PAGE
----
Collective of Saharawi Human Rights defenders in «Western Sahara under Moroccan control»


To Mr James Baker

Special envoy of the UN Secretary General for Western Sahara


Since 31 October 1975 - the date of the forced annexation of Western Sahara by Morocco - the Moroccan state has exercised atrocious repression on  Saharawi people claiming their right to self-determination.  The campaigns of abduction and arrest have targeted all generations within the Saharawi population from old people to young, women "even pregnant ones", babies and toddlers,... etc. Hundreds of abducted Saharawis still remain in forced disappearance in Moroccan prisons. Their absence accentuated the suffering of their families as a consequence. Dozens of Saharawis have been arrested, ferociously tortured, then taken before Moroccan courts and their trials were unfair. Others were buried alive in mass graves. Dozens of other Saharawis were thrown from helicopters of the Moroccan army. To save their own lives, thousands of Saharawis were obliged to flee the territory of Western Sahara under Moroccan control and to live afterwards in refugee camps in Algerian territory or abroad in disaspora. This is how the Saharawi people has found itself torn apart. Despite this barbaric repression practised by Moroccan authorities, the Saharawi people has never had recourse to terrorist actions to demand respect for their legitimate rights. They have always preferred to count on international law and on the support of the international community to claim respect for their legitimate rights. They are a people who have chosen the proper way to fight. They are a people bearing a message of PEACE.

Since the enforcement of the cease-fire on 6 September 1991, supervised by the UN, Saharawi human rights defenders have never failed to condemn and to make known violations of human rights committed by the Moroccan state against the Saharawi people. In the face of these actions defying  the tight military, security and media control in force in the territory of Western Sahara under Moroccan control since 1975, the Moroccan authorities are conducting a campaign of intimidation against these Saharawi defenders of human rights. This is how some of them have come to be deported to Moroccan towns, others have been dismissed unfairly from their jobs, while others again have been arrested arbitrarily, then sentenced, during unfair trials, to heavy prison terms.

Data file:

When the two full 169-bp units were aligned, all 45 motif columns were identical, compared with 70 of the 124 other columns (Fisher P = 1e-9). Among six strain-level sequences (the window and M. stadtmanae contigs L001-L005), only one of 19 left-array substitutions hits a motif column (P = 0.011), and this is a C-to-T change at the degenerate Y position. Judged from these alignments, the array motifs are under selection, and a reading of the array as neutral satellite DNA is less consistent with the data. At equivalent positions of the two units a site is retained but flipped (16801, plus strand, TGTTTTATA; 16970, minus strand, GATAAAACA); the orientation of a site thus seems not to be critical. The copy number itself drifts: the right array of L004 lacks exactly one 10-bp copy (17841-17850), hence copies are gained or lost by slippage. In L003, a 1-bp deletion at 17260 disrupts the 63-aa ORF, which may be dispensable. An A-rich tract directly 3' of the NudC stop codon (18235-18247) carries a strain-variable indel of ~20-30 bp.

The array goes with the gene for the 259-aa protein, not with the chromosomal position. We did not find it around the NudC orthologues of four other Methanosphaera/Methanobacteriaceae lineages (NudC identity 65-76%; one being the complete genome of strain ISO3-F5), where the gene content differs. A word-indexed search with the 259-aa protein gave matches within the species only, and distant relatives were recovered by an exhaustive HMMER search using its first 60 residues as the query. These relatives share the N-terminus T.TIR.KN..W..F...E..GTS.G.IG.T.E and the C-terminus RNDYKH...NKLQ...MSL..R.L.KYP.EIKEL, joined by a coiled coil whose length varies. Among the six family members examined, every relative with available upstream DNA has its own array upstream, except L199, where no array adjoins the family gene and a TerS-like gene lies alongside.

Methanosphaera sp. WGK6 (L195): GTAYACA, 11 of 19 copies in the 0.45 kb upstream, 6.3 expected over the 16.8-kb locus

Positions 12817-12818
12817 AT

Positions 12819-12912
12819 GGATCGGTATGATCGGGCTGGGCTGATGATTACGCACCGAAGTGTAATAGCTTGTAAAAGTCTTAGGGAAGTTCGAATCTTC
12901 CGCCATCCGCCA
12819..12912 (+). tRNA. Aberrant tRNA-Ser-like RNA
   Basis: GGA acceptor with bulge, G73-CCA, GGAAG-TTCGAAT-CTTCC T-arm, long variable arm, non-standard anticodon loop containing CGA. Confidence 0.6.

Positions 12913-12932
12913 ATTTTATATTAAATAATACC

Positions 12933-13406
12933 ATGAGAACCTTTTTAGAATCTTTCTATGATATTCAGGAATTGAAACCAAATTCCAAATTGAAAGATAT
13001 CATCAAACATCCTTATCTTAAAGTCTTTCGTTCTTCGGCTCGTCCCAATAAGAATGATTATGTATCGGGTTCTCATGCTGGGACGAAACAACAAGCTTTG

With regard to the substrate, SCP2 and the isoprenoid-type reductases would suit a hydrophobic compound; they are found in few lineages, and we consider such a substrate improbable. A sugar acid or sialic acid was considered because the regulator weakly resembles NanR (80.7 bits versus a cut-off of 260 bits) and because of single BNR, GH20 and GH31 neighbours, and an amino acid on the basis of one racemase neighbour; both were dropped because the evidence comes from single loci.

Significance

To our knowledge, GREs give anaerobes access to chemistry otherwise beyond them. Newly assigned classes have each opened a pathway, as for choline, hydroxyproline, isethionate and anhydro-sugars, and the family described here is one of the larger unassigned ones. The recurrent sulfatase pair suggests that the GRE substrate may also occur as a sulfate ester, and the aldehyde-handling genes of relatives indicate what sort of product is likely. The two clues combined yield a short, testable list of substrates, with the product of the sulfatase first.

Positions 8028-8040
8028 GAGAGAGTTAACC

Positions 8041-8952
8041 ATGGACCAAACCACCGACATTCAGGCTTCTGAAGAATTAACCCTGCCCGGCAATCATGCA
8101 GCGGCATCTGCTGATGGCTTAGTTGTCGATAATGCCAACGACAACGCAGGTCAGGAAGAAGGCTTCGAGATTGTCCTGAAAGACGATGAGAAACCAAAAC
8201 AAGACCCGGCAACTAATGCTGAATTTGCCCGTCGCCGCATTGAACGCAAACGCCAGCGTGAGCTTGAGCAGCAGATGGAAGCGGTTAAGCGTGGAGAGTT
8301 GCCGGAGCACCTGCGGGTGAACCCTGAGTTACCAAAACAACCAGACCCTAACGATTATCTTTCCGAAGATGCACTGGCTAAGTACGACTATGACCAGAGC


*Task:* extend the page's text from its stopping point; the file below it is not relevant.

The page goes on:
Despite the presence of MINURSO in Western Sahara, the Moroccan state still continues to commit human rights abuses in the territory of Western Sahara under Moroccan control. These human rights abuses can only be brought to an end by bringing peace to the region. This peace can only come about through the organisation, under the auspices of the UN, of a free and fair referendum of self-determination allowing Saharawis to express themselves freely on the permanent political status of Western Sahara.

Finally, the UN has a great political and moral obligation to work for the implementation of the process of decolonisation of Western Sahara and this in accordance with the relevant clauses of international law and in particular UN resolution 1514 (XV).

As Special Envoy of the UN Secretary General, please accept the expression of our deep respect


                                                      El Ayoun,  12 January 2003 »


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